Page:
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Re: pg_basebackup blocking all queries with horrible performance

From: Craig Ringer <ringerc(at)ringerc(dot)id(dot)au>
To: Lonni J Friedman <netllama(at)gmail(dot)com>
Cc: Jerry Sievers <gsievers19(at)comcast(dot)net>, Magnus Hagander <magnus(at)hagander(dot)net>, pgsql-admin(at)postgresql(dot)org
Subject: Re: pg_basebackup blocking all queries with horrible performance
Date: 2012-06-08 06:04:41
Message-ID: (view raw, whole thread or download thread mbox)
Lists: pgsql-adminpgsql-hackers
On 06/08/2012 09:01 AM, Lonni J Friedman wrote:
> On Thu, Jun 7, 2012 at 5:07 PM, Jerry Sievers<gsievers19(at)comcast(dot)net>  wrote:
>> You might try stopping pg_basebackup in place with SIGSTOP and check
>> if problem goes away.  SIGCONT and you should  start having
>> sluggishness again.
>> If verified, then any sort of throttling mechanism should work.
> I'm certain that the problem is triggered only when pg_basebackup is
> running.  Its very predictable, and goes away as soon as pg_basebackup
> finishes running.  What do you mean by a throttling mechanism?

Sure, it only happens when pg_basebackup is running. But if you *pause* 
pg_basebackup, so it's still running but not currently doing work, does 
the problem go away? Does it come back when you unpause pg_basebackup?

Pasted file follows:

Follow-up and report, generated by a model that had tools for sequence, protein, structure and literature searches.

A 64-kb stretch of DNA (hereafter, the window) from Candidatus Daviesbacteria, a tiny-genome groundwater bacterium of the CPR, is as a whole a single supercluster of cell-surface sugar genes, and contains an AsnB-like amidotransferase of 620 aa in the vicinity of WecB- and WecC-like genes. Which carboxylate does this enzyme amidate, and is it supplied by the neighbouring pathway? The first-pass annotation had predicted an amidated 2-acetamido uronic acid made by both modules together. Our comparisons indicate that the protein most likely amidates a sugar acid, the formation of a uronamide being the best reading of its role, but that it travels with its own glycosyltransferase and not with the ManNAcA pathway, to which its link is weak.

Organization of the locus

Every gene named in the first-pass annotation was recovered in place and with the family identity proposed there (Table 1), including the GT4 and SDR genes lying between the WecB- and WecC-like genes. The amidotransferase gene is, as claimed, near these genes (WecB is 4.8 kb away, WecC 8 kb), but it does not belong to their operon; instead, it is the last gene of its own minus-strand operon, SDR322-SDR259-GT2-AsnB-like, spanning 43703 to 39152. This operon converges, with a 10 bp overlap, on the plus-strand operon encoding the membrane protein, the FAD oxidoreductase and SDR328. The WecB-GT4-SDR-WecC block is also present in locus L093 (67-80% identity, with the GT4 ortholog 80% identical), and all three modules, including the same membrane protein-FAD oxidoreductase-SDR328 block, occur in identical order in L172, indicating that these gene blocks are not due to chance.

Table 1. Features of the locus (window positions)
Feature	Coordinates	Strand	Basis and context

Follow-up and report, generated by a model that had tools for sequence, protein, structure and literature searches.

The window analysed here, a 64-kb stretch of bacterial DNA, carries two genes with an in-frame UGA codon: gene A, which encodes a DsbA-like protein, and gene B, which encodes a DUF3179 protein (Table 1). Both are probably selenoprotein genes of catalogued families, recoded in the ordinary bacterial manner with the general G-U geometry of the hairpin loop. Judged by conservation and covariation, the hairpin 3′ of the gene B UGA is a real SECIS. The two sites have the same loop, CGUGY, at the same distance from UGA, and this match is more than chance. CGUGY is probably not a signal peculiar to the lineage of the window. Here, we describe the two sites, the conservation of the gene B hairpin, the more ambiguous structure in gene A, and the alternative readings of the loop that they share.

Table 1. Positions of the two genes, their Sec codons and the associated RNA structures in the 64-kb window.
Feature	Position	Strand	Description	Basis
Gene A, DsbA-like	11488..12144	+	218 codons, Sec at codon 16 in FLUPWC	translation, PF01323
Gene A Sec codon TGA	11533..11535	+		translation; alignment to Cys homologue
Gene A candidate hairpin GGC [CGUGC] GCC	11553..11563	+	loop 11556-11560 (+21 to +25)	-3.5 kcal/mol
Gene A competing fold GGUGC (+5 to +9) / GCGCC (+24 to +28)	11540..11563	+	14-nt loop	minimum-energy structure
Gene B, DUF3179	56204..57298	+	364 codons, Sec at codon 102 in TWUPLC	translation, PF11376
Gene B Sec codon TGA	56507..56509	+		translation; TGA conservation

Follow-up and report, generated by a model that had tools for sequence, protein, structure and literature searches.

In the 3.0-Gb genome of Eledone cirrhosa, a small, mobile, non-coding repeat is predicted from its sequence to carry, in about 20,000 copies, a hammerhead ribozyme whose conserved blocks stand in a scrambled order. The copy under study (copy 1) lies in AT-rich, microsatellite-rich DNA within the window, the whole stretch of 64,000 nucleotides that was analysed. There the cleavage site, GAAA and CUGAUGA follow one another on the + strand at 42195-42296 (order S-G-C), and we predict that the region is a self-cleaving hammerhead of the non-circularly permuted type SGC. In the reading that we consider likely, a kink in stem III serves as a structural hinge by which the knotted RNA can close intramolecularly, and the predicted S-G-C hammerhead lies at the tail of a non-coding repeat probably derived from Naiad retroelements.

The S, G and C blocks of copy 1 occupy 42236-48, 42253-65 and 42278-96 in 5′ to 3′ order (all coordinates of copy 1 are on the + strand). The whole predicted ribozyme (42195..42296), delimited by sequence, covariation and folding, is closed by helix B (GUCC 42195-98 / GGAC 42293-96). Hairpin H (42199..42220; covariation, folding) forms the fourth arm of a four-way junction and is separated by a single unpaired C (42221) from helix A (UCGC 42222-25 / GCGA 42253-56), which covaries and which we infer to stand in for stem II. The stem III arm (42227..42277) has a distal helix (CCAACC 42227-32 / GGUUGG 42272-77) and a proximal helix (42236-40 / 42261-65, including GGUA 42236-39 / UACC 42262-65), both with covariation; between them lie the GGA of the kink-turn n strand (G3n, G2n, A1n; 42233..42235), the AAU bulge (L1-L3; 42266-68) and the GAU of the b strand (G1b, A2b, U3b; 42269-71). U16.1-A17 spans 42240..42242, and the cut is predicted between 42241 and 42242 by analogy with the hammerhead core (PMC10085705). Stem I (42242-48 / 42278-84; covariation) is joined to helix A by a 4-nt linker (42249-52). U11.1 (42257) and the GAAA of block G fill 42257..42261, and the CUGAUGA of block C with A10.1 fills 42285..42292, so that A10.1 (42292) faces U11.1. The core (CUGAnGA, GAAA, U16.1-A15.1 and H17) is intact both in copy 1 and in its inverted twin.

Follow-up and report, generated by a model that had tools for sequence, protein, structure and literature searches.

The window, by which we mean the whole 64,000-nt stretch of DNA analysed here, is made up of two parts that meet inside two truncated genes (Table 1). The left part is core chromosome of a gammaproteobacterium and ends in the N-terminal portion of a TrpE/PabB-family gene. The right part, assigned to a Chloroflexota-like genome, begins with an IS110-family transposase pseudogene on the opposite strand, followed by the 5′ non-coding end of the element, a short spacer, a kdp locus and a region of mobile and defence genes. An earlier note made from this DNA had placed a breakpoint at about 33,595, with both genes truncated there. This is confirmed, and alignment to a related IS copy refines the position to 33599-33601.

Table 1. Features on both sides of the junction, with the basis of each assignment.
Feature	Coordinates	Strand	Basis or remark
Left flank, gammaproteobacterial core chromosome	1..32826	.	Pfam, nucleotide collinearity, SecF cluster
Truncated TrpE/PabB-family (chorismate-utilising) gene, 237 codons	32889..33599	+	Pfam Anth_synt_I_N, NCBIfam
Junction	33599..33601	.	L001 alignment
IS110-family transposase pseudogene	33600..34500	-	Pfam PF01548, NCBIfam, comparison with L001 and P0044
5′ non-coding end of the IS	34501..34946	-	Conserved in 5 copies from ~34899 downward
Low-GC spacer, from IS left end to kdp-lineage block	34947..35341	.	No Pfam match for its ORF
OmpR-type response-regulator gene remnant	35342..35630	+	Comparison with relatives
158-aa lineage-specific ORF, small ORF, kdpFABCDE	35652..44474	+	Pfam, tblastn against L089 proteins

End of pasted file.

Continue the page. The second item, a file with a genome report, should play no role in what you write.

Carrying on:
That's what Jerry was telling you to try.

If the problem goes away when you pause pg_basebackup and comes back 
when you unpause it, it's probably a system load problem.

If it doesn't go away, it's more likely to be a locking issue or 
something _other_ than simple load.

SIGSTOP ("kill -STOP") pauses a process, and SIGCONT ("kill -CONT") 
resumes it, so on Linux you can use these to try and find out. When you 
SIGSTOP pg_basebackup then the postgres backend associated with it 
should block shortly afterwards as its buffers fill up and it can't send 
more data, so the load should come off the server.

A "throttling mechanism" refers to anything that limits the rate or 
speed of a thing. In this case, what you want to do if your problem is 
system overload is to limit the speed at which pg_basebackup does its 
work so other things can still get work done. In other words you want to 
throttle it. Typical throttling mechanisms include the "ionice" and 
"renice" commands to change I/O and CPU priority, respectively.

Note that you may need to change the priority of the *backend* that 
pg_basebackup is using, not necessarily the pg_basebackup command its 
self. I haven't done enough with Pg's replication to know how that 
works, so someone else will have to fill that bit in.

Craig Ringer

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